Food & Nutrition Blog

A Bunch of Flours

Apr 09
A bunch of flours

Hands up if you’ve noticed the (seemingly) thousands of recipes for banana bread that have been filling our social media feeds of late? As we all do our best to stay home in new world we’ve been thrust into, seems that a lot of us are turning into quite the culinary wizards with Australia’s home ovens firing hot.

With a diverse range of flours now widely available, today we’ll look at the difference between them and how choosing the right flour can be the secret ingredient to your souffle success or fondant fail.

Plain flour

Good old plain flour – they don’t call it a staple for no reason! Plain flour is milled from wheat and contains only about 75% of the whole wheat grain – with the bran and the wheat germ generally taken out. Plain flour is low in both gluten and protein, and lends itself well to biscuits and pastry where the desired texture is more crumbly and dense than fluffy and light. Plain flour can also be used as a coating agent for vegetables and meats, and can be used to thicken gravies and sauces.

Self-raising flour

Getting your cake baking hat on? Don’t forget the self-raising flour. Self-raising flour is essentially just plain flour (we’re unveiling all the big secrets in this blog!) – but, it does two have special ingredients added to it – baking powder and salt. The inclusion and even distribution of salt and baking powder means that this type of flour is great for baking cakes, muffins, and scones. And here’s a handy tip: if you don’t have any self-raising flour on hand, you can make it yourself. Simply add 1 ½ teaspoons of baking powder and ½ teaspoon of salt for each cup of plain flour – and mix well!

Coconut flour

A relatively new addition to the supermarket flour aisle, coconut flour is made from the meat of a coconut that has been dried, the oil removed, and then ground down into a fine powder. As you’d expect, coconut flour has a slightly sweet, nutty flavour so it lends itself quite well to breads, muffins and cakes. On the nutrition front, coconut flour is gluten free, and is lower in carbs and higher in protein and fibre than wheat flour.

Almond flour

First things first, let’s distinguish between almond flour and almond meal. While these terms are sometimes used interchangeably, there is a key difference between them. To make almond flour, the almond is blanched in boiling hot water to remove the skin, before being ground into flour. Almond meal is made when the nut is ground into a powder, but the skin is still retained.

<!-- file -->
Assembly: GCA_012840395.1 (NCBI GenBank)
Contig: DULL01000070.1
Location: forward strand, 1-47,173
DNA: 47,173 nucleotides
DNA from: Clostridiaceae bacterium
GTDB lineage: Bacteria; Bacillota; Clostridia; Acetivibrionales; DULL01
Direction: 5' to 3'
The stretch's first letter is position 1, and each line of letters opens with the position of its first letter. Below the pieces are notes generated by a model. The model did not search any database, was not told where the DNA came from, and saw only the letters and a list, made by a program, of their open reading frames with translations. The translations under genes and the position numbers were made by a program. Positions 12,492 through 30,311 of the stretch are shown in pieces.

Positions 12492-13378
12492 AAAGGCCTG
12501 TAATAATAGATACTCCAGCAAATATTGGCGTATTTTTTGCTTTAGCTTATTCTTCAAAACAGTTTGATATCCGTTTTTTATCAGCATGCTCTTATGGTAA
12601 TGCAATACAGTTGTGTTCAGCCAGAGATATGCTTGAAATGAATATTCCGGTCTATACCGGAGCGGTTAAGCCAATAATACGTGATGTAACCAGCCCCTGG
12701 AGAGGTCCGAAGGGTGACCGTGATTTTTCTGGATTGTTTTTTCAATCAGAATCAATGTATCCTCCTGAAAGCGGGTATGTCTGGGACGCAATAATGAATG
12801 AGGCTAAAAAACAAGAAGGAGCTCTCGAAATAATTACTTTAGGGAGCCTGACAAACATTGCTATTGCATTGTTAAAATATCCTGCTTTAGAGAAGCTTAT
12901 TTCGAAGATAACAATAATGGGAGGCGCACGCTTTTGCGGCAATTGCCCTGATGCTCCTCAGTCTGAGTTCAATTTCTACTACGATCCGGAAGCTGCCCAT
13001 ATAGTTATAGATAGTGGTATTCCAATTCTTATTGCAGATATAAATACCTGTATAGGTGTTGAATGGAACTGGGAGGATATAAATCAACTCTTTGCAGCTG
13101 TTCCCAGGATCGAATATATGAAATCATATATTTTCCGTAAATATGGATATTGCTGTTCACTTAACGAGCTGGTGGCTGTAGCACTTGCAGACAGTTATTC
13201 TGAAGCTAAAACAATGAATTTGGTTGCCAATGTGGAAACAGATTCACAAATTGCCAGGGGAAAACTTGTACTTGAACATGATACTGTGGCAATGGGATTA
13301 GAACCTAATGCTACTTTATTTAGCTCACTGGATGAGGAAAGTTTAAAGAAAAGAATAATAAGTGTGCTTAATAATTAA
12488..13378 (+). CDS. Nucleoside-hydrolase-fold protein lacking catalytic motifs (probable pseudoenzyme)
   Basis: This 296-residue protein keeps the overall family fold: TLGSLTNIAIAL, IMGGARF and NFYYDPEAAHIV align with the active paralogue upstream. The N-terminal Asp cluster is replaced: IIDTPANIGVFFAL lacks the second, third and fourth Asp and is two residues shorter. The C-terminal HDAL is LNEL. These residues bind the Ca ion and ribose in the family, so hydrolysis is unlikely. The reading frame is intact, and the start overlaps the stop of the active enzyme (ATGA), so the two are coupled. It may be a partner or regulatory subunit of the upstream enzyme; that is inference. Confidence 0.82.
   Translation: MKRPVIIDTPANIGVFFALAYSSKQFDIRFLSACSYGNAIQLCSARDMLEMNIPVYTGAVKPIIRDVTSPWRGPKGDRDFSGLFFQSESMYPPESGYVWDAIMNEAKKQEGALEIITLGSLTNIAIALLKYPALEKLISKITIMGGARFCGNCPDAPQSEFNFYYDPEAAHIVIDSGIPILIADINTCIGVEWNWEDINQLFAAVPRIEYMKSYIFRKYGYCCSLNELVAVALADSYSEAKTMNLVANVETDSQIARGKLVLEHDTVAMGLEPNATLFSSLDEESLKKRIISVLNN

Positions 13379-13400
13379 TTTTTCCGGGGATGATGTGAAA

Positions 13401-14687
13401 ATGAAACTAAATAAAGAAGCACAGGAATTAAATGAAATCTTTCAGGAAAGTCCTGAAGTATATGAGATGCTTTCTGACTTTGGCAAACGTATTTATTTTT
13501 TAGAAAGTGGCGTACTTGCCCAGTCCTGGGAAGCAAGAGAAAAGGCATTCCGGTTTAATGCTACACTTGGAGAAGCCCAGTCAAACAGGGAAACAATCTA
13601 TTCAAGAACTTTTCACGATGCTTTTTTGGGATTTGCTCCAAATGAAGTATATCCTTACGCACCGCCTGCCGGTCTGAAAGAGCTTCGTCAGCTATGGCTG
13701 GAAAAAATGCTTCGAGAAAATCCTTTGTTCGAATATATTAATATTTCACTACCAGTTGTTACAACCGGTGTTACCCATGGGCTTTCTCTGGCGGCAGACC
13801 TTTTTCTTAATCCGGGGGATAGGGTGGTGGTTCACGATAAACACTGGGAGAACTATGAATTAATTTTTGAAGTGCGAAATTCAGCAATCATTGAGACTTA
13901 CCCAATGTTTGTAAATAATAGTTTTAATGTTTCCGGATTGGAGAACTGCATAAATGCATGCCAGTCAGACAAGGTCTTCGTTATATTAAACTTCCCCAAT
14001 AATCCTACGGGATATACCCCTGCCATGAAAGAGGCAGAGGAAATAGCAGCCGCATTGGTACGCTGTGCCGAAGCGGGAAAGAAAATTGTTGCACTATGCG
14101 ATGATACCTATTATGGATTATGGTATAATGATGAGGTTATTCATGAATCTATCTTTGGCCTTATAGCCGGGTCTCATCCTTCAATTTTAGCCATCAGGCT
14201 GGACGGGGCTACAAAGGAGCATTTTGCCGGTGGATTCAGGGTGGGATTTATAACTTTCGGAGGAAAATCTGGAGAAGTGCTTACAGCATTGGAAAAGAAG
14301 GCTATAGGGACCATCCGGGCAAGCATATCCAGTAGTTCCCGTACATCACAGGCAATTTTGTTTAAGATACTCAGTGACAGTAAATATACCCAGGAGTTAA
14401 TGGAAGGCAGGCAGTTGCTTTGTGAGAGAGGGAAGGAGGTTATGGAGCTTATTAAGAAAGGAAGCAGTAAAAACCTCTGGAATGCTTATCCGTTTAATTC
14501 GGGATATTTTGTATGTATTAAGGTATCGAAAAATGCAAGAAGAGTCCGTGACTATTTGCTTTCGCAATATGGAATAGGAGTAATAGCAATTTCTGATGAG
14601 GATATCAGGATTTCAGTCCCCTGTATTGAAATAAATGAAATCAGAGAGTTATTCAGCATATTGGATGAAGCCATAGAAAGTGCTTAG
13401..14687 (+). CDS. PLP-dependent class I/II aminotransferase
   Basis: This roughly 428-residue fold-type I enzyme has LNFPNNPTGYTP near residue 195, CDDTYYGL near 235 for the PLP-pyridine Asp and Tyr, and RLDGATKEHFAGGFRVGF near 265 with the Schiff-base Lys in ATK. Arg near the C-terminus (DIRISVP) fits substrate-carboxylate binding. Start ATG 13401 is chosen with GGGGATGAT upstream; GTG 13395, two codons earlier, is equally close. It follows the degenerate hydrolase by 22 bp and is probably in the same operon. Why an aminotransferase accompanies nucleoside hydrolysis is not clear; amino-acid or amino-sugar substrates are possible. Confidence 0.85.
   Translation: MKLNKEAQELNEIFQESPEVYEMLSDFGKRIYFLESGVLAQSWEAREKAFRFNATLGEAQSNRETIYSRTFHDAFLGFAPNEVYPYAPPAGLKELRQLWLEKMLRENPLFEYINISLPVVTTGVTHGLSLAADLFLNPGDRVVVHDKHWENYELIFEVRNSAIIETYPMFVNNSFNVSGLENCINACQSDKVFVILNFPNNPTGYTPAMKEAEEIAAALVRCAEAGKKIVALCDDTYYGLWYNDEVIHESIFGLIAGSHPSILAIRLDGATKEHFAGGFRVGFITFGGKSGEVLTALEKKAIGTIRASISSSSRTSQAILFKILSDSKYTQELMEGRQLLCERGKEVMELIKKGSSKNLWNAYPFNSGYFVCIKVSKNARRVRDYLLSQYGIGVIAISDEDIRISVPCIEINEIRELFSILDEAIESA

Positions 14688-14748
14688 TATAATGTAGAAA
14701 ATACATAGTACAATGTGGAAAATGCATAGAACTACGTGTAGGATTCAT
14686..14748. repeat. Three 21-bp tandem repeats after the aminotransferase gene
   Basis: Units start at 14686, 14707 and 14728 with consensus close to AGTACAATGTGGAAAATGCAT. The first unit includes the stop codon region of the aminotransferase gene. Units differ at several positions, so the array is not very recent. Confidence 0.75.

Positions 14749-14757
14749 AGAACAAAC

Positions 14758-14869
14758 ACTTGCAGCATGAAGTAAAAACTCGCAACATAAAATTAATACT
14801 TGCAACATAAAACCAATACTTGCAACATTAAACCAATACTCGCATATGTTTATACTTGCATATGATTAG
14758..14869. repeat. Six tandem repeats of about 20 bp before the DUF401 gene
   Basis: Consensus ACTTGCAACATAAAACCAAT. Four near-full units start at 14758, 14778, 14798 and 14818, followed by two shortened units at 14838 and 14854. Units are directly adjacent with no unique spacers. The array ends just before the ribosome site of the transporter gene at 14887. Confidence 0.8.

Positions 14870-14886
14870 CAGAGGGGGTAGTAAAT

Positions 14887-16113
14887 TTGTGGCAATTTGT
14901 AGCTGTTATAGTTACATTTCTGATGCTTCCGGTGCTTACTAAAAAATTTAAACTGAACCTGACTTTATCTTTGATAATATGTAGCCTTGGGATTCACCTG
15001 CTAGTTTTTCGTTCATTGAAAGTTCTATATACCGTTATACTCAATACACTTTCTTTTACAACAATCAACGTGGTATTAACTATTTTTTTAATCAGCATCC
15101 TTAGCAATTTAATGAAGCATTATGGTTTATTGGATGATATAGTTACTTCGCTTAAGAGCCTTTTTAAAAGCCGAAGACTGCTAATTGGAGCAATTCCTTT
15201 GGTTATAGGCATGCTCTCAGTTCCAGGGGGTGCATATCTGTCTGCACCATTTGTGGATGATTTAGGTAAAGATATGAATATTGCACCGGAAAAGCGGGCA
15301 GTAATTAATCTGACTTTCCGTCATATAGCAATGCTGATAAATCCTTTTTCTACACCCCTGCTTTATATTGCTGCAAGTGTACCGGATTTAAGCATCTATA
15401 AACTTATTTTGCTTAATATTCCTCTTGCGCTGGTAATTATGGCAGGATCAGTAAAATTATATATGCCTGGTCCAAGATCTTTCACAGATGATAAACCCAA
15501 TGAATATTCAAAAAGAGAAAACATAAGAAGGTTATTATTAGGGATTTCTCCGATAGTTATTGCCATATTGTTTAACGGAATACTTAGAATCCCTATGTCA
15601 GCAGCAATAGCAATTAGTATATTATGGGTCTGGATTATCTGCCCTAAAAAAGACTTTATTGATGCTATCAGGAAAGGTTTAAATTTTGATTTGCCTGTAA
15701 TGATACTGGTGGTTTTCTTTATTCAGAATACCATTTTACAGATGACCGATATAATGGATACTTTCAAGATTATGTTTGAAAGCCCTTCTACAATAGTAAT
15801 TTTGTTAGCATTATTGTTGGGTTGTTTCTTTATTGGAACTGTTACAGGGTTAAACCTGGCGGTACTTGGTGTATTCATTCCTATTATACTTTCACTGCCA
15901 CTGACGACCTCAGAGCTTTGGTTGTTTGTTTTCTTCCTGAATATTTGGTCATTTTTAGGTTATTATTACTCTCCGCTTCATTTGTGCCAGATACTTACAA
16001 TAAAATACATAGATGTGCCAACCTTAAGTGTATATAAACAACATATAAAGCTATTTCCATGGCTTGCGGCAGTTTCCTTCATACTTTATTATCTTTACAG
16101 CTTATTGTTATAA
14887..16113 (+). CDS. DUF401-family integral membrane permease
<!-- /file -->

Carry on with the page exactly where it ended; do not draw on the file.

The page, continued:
Almond flour has been found to be a source of vitamin E, an important antioxidant which can protect your body from free radical damage. It’s also a great lower-carb flour which has a subtle sweet flavour. It’s widely used in grain-free and paleo baking and generally available in the health food aisle of most supermarkets.

Wholemeal flour

Traditional wholemeal flour is derived from wheat – the same as plain and self-raising flour. The difference, however, is that plain and self-raising flours don’t use the complete wheat grain – they only use the endosperm, omitting the bran and the germ layers of the grain. Whilst this makes for fine, white flour, it doesn’t deliver as well as wholemeal flour in the nutrition stakes. Wholemeal flour is produced by milling the whole grain. Maintaining the germ and the bran layers of the grain are important as these are where the majority of nutrients are found. Wholemeal flour can generally be substituted for white flour, with the expectation that what you’re cooking / baking may be a slightly darker colour (think white bread compared to wholemeal bread). Wholemeal flour certainly delivers in spades on the fibre front, especially when compared to white flour.

Rice flour

As the name suggests, rice flour is made from ground raw rice. It’s commonly used to make rice noodles and savoury pancakes, particularly in Asian and Indian cooking. It’s also great as a thickening agent for stews, soups and sauces. It’s also great for baking, particularly because it doesn’t have a strong flavour. If you’re looking for gluten free flours, rice flour is a great addition to your pantry.

OO flour

If you’re thinking about having a homemade pizza and pasta party, best be stocking up on 00 flour. 00 flour is an Italian flour that is milled specifically for pasta making. ‘00’ is actually part of a grading system that indicates how much of the bran and germ layers of the wheat grain have been removed – with 00 being the most refined option. 00 flour is lower in protein and gluten.

BARLEYmax®™ flour

Did you know that BARLEYmax®™ ‘super grain’ will be soon be available in flour format, for all your better-for-you baking? You heard right – the nutritional powerhouse developed by the CSIRO will be coming to supermarket and health stores near you. Nutrition up your baking with BARLEYmax®™ flour, which contains twice the dietary fibre of most grains, and four times the resistant starch of oats. The levels and unique combination of dietary fibre found in BARLEYmax®™ supports good gut health – and that’s something to feel great about. Want to be the first to know when BARLEYmax®™ flour hits shelves? Drop us a line here.

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